As part of the MLA/MWNZ joint eating quality program, several R&D prototypes were trialled so as to stretch primals in order to improve eating quality (see the SmartStretch R&D reporting).
Despite extensive testing in numerous production environments, MLA was unable to consistently improve eating quality in all cases, with eating quality improvements restricted to only some primal types.
During production trials of the SmartStretch machine a commercial opportunity was identified in the shaping of primals, regardless of any improvement in eating quality. This ocurred because stretched meat held tightly for more than 12 hours in a package will retain its share even when removed from a bag.
This has the following advantages:Portion controlMore attractive plate presentationAbility to provide standarised sizes for the food service industry
Extensive industry consultation and product trials were funded, as well as a comprehensive cost/benefit analysis process. The technology is branded as SmartShape, and the current shaping machine is licensed to a manufacturer in New Zealand.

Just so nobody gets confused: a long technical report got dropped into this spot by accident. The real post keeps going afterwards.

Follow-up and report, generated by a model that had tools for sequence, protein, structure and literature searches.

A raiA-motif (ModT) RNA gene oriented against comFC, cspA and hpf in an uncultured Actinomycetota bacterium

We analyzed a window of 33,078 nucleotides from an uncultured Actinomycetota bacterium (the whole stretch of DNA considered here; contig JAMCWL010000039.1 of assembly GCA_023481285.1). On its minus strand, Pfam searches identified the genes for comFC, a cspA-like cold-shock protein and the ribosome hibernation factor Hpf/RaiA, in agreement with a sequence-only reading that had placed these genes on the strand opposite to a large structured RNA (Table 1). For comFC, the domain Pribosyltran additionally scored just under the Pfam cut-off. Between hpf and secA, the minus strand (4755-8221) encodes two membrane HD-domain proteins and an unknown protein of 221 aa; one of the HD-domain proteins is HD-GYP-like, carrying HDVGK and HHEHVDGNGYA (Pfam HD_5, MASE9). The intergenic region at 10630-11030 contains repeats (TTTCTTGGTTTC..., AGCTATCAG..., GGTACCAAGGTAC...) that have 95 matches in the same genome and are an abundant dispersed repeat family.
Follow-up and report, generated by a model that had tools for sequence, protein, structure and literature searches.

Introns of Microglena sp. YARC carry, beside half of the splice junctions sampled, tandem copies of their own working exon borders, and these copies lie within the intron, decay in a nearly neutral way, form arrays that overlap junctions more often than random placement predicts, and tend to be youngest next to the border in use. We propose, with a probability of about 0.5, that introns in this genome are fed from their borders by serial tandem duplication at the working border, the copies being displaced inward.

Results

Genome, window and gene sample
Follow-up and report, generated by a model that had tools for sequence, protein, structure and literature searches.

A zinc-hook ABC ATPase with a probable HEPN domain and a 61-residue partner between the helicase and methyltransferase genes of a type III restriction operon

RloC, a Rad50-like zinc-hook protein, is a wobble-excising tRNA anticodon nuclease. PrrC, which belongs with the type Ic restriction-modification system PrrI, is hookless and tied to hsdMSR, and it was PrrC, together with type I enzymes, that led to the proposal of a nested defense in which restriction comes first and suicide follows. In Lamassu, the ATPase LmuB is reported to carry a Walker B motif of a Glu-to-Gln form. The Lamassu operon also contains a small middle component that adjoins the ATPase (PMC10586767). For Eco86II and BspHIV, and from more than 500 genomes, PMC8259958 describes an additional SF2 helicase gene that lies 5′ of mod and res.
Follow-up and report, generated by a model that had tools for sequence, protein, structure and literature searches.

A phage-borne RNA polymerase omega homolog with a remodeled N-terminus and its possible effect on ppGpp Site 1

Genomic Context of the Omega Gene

Several units have been sold to processors in Australia and overseas.
However, it is unlikely that there will be much further commercial adoption of this technology until the following is addressed:Machine throughput is increased to 4-6 primals per minute.Labour requirements are reduced via further automation such as automated feed in and feed out and auto bagging (currently being trialled via a prototype).Lower machine cost via a revised machine design and some value engineering.
Further development of the technology
Current machine throughput is around 2-3 primals per minute, and various projects have explored increasing this speed via either add-ons (such as automated bag feeders) or an improved machine design. Under project P.PSH.0602, a horizontal design was put forward utilizing the flow through principal to speed up production rates and two methods of feeding this horizontal version were developed. One feed system used a "spoon" type feeder to place the meat portions into the compression rubber, the other used a continuous belt feeder to transport the portions into the compression rubber. A horizontal system was built and fitted with each of the above feed systems, but provided limited throughput and packaging benefits. No further work was carried out on this design.
Several other shaping machine designs have been considered, but none of these have progressed to a prototype stage.